We propose an automated method for the analysis of epileptic EEG data employing the random forests (RFs) algorithm. Feature extraction is performed using a discrete wavelet transform to give time-frequency representations, from which statistical features based on the wavelet decompositions are formed and used for training and classification. We show that RFs can be applied for the classification of ictal, inter-ictal and healthy EEG with a high level of accuracy, with 99% sensitivity and 93.5% specificity for classifying ictal and inter-ictal EEG, 90.6% sensitivity and 95.7% specificity for the windowed data and 93.9% sensitivity for seizure onset classification.


The proposed method consists of EEG signal pre-processing, feature extraction, classifier training and classification. Two datasets are investigated for classification. Dataset 1 is segmented into ictal, inter-ictal and normal EEG, while dataset 2 is taken from 24 epilepsy patients. The former contains artifact free data taken during a short recording session and is chosen for the purposes of evaluating the discriminative ability of random forests when presented with such ideal data. The latter contains a more varied collection of samples in regards to recoding environments and provides a more challenging task for the classifier.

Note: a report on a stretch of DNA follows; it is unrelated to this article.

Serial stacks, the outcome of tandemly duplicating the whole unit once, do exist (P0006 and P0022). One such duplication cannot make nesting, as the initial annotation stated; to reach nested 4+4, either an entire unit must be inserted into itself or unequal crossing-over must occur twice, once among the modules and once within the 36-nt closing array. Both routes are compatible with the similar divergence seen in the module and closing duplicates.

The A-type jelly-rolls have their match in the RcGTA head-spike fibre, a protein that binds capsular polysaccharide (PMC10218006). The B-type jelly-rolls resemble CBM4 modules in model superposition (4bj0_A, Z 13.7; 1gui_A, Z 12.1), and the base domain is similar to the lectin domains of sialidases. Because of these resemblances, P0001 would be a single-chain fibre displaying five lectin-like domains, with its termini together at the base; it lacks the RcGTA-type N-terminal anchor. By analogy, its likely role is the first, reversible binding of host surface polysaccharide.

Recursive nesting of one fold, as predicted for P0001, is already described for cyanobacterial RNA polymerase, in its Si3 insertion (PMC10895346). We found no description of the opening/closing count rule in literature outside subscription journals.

High amplitude slow-wave activity indicative of an epileptic seizure.
Similar slow-wave activity to a seizure, however no seizure is present.
  • Experimental results

Sensitivity for seizure onset is calculated as the number of seizures identified as a percentage of the total number available. In other cases, sensitivity and specificity are calculated based on overall classification (dataset 1) or window classification (dataset 2).

Final results for dataset 1.
Final results for dataset 2.

The results in the tables above show that random forests (RF) is an effective tool for the classification of epileptic EEG. Moreover, online RF implementation may lead to real-time classification.